The Jakarta Post
Big names: 'Jump Force' features many famous names from the world of Japanese comics but that does not make up for the lackluster gameplay. (Courtesy of Bandai Namco/-)
Jump Force is a game that celebrates the 50 year anniversary of Weekly Shōnen Jump – an immeasurably influential magazine focused on Japanese comic manga that bred now-legendary titles such as Dragon Ball, Fist of the North Star, One Piece, Naruto and JoJo's Bizarre Adventure – just to name a few.
So it's a shame the end result is an experience that feels lacking in every direction. Bland and unoriginal, Jump Force is a waste of its exciting cast of legendary comic characters.
A one-versus-one with elements of a group brawler akin to the successful Super Smash Bros series, Jump Force serves up a whopping 42 characters (40 known ones from various manga titles and two originals made for the game) with 9 more coming in the downloadable content (DLC).
Safe to say that most players, who are likely manga fans, will find some of their favorites there even if issues of character inclusion and exclusion is part of the course among the fan-base.
Pick me: 'Jump Force' features an exciting cast of legendary comic characters. (Courtesy of Bandai Namco/-)
The large cast of characters puts forth the game's first obvious flaw, however. While they all obviously have different special attacks, the execution is all so simplistically similar that aside from the cosmetic difference – it feels like you are playing the same character pretty much every time, regardless of who you picked.
The plain control scheme may be a way to get manga fans who aren't gamers into the foray, but the button mashing rarely goes beyond putting your fingers down the light or heavy attack buttons repeatedly or even randomly with the hope of winning.
This maddeningly oversimplified approach extends to special attacks which are, again, triggered all through a similar-scheme of button mashing (instead of a combination of button and directional button moves like most fighting games).
Level up: The game offers player opportunities to customize characters through the points earned. (Courtesy of Bandai Namco/-)
This feels like a waste when you have characters as disparate as the super-powered half-alien hero Son Goku from Dragon Ball and the tragic samurai Himura Kenshin from Rurouni Kenshin.
Attempts at projecting character individuality are done through animation scenes, which occurs during fights when special attacks are executed. Pulling these iconic attacks together is undoubtedly a cool draw for longtime fans of the comics, and managing Dragon Ball's “Kamehame” or Naruto's “Rasengan” is always exciting to experience.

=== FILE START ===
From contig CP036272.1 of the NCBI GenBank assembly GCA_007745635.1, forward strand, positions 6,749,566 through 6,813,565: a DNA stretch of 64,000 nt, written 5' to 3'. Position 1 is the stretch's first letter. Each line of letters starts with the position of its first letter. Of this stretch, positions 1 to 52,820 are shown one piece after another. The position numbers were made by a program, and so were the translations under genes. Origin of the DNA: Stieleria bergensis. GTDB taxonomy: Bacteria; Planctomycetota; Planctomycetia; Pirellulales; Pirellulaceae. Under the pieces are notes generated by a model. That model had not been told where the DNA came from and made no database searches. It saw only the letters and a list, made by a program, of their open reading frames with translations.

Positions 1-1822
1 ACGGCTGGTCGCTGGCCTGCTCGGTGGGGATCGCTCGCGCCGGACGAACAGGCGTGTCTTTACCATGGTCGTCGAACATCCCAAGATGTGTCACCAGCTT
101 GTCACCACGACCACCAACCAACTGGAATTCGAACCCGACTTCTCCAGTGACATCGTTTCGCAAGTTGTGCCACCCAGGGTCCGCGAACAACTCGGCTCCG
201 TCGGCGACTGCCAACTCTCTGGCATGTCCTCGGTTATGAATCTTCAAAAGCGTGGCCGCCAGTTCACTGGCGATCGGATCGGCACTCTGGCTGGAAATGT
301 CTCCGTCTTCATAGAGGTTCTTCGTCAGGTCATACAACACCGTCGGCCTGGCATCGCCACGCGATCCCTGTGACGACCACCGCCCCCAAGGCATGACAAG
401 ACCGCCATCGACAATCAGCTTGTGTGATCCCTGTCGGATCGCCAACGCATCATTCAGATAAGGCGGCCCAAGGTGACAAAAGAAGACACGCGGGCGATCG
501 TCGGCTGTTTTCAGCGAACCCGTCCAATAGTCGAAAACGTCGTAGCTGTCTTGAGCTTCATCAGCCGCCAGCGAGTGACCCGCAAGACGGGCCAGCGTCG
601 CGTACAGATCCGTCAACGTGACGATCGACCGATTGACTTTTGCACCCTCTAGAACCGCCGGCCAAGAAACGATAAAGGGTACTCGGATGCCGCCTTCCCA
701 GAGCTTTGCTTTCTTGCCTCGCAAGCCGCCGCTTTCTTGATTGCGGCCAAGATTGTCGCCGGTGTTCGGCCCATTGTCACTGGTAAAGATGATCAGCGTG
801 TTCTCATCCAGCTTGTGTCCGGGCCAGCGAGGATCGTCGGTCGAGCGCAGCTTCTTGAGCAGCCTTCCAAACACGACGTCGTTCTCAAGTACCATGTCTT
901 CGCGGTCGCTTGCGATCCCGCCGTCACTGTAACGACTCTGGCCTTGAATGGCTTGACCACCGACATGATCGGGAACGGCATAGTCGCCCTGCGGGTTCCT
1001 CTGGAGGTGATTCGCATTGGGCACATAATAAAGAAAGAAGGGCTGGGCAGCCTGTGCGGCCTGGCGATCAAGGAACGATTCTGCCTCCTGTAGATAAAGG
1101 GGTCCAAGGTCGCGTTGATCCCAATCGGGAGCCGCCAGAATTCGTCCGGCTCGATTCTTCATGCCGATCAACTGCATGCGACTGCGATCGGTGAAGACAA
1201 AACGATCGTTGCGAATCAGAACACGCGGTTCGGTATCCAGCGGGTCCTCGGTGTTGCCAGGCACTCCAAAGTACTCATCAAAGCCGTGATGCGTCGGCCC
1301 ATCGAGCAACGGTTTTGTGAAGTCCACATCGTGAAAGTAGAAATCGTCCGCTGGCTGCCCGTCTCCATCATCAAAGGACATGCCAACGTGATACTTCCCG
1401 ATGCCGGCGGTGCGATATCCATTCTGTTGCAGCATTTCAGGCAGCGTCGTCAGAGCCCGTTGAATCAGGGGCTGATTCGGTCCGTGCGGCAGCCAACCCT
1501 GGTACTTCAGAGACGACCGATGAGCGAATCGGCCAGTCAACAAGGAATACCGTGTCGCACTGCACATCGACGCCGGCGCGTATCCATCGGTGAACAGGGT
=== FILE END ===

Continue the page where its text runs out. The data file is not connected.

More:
But they too feel slapdash and certainly far less exciting than watching the anime or reading the manga.
Bring it on: The fighting style feels pretty much the same throughout the game. (Courtesy of Bandai Namco/-)
After the same cut-scene happens a few times to your character during these special moves, it ends up being something that feels more like an unnecessary momentum breaker rather than a colorful element.
It also doesn't help that in the split seconds that some of the cut scenes happen, you will lose sight of where your opponent is. The camera angles are hyper-kinetic, which isn't rare to the genre, but feels additionally confusing to follow here.
To tie all these fighting elements together, the game comes up with a forgettable story involving the merging of the JUMP universe with ours, unleashing the comics' villain characters onto Earth. In response, the earth decides that instead, it will counter by bringing to life the good JUMP characters.
Players create a character basically based on the JUMP comics’ roster and decide which manga's fighting style you'd like to take from. As the fighting style feels pretty much the same throughout, this all ends up feeling ultimately inconsequential.
Throughout there are opportunities to customize your character through the points you earn, both in appearance and skills. Most of these are superfluous but sometimes they present niche goodies that hardcore manga fans may appreciate.
The physical appearance of the characters is something that cannot be overlooked. The 3D approach has always been an awkward fit with manga characters, and the way the game tries to make them all feel physically fitting with each other is a major flaw. The result are character models that look very little like their source material and more like stop-motion models of toys based on the actual characters.
The story offers very little beyond clumsy dialog and cut scenes (and the character design looks most uncomfortable during these moments too).
But its biggest sin is in how dull the game feels to experience. Redundancy creeps up fast, with fights and tasks that all feel the same from one another.
There are no dynamics to the narrative nor the gameplay. Considering the sheer number of iconic manga characters here, that feels like a big miss.
Jump Force does not at all feel like a “force”, instead it wastes these characters' legacy for something that feels like an utter cash grab. (ste)
Developer: SPIKE CHUNSOFT
Series: Shōnen Jump
Engine: Unreal Engine
Publisher: BANDAI NAMCO Entertainment
Platforms: PlayStation 4, Xbox One, Microsoft Windows
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